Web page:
Attorney General Suthers Urges Legislature to Consider Bill to Help Combat Insurance Fraud

DENVER – Attorney General John Suthers today testified in front of members of the Colorado Legislature in support of SB 06-38, sponsored by Sen. Tapia (D-Pueblo) and Rep. Knoedler (R-Jefferson), which would commit more resources to fighting insurance fraud.

“Insurance fraud has become a multi-million dollar problem in Colorado,” said Suthers. “Each year, we receive over 700 referrals from the Department of Regulatory Agencies and the insurance industry, but given our limited resources, we’re only able to investigate around 50 of those. Despite having one of the highest referral rates in the country, Colorado’s funding is close to last.”

At 48 cents per person, the national average for funding insurance fraud units is nearly seven times Colorado’s rate of funding at 7 cents per person.

Since 1997, the year legislation established the Insurance Fraud Unit, the Attorney General’s Office has prosecuted and obtained convictions in 90 criminal cases – a 100 percent success rate. The Unit’s investigations and subsequent convictions were funded through an annual fee of $120 from each insurance entity in Colorado.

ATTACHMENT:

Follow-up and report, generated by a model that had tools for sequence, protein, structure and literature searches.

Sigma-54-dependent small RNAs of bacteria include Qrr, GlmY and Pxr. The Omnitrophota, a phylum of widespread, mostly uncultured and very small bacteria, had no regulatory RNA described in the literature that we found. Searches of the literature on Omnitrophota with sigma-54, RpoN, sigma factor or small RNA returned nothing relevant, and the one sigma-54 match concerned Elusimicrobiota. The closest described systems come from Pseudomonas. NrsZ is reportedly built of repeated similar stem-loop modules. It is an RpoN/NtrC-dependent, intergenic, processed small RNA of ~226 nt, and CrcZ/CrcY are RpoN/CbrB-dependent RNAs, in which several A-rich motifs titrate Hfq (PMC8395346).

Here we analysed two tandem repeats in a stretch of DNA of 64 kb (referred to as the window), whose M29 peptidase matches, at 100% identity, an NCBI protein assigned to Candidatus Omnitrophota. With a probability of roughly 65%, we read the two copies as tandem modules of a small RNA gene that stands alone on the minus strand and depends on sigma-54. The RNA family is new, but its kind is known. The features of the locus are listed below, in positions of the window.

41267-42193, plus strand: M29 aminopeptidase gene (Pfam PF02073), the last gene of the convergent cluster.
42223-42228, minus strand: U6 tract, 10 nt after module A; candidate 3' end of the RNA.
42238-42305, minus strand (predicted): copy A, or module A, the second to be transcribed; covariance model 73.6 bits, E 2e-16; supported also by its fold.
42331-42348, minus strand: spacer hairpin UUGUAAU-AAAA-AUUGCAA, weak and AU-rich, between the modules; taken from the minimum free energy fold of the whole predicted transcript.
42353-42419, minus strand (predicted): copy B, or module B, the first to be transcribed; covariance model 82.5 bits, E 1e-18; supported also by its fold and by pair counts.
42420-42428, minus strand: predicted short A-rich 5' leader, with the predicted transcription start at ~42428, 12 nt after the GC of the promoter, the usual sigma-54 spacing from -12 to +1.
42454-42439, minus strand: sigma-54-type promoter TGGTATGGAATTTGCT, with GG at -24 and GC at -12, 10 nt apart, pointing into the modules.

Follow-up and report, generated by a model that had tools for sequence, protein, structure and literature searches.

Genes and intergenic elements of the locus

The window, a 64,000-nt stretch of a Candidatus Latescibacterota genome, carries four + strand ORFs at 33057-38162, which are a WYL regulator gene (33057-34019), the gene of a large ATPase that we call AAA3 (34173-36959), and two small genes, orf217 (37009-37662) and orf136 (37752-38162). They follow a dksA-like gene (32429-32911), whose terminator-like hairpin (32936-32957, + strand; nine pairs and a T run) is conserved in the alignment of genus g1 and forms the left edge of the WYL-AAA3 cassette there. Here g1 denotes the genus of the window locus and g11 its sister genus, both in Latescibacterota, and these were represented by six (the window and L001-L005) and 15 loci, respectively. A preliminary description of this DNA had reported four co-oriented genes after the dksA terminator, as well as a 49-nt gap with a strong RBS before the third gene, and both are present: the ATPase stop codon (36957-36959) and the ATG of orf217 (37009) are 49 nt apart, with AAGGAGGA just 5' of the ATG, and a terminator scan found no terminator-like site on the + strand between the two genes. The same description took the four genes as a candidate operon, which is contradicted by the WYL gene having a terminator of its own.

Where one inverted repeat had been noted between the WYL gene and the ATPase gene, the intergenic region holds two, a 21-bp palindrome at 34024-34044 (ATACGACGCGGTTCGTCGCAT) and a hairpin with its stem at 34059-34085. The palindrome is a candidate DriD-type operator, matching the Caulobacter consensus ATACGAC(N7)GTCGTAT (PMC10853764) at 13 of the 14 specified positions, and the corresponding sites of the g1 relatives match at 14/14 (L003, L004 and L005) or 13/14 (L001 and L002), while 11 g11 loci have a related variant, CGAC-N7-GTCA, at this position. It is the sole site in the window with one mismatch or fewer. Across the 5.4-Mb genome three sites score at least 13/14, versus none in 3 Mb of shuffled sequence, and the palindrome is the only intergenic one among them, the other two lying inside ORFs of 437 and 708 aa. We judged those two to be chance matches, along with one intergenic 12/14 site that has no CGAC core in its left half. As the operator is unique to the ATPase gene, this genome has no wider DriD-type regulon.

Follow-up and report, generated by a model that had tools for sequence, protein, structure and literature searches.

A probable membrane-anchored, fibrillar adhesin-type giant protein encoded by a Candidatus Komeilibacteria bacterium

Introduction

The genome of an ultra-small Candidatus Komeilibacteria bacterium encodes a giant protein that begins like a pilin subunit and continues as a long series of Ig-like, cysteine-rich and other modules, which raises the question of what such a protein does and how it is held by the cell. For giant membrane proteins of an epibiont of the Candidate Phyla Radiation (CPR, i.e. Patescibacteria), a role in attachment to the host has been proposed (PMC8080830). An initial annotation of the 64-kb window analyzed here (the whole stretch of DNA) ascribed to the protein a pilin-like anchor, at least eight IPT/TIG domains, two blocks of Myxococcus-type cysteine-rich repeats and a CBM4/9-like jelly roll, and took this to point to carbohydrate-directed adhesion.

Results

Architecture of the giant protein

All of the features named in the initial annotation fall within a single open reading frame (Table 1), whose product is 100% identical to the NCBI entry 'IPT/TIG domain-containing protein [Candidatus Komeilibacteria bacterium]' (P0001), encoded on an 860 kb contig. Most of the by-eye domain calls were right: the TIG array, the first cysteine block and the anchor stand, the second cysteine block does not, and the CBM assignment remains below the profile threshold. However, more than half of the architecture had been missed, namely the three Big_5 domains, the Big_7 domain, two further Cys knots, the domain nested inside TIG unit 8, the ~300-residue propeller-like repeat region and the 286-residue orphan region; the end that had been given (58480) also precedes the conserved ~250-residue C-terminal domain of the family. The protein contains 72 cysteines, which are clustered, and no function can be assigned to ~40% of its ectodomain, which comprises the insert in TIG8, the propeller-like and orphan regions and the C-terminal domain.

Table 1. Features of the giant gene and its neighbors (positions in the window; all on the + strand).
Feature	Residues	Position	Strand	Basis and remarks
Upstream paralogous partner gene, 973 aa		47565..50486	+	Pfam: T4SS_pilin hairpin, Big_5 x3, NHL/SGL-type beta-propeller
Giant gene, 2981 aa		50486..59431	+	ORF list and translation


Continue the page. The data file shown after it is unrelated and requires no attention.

The proposed legislation would increase the annual fee from $120 to approximately $425. The additional funds would go toward adding a prosecutor, three investigators and a full-time administrative assistant. Currently, the Office of the Attorney General has one prosecutor, one investigator and a half time administrative assistant devoted to insurance fraud.

Suthers pointed to New York, as an example of a state that realized consumer benefits because of increased insurance fraud prosecution efforts. “After enhancing efforts in New York to combat insurance fraud in 2002, State Farm was able to lower consumer insurance rates by 5 percent,” said Suthers. “Other carriers soon thereafter followed suit, resulting in an estimated savings to industry and consumers of over $250 million.”

According to a joint publication from the Department of Justice and the Federal Bureau of Investigations released last May, insurance fraud (non-health insurance) costs the average family between $400 - $700 per year.


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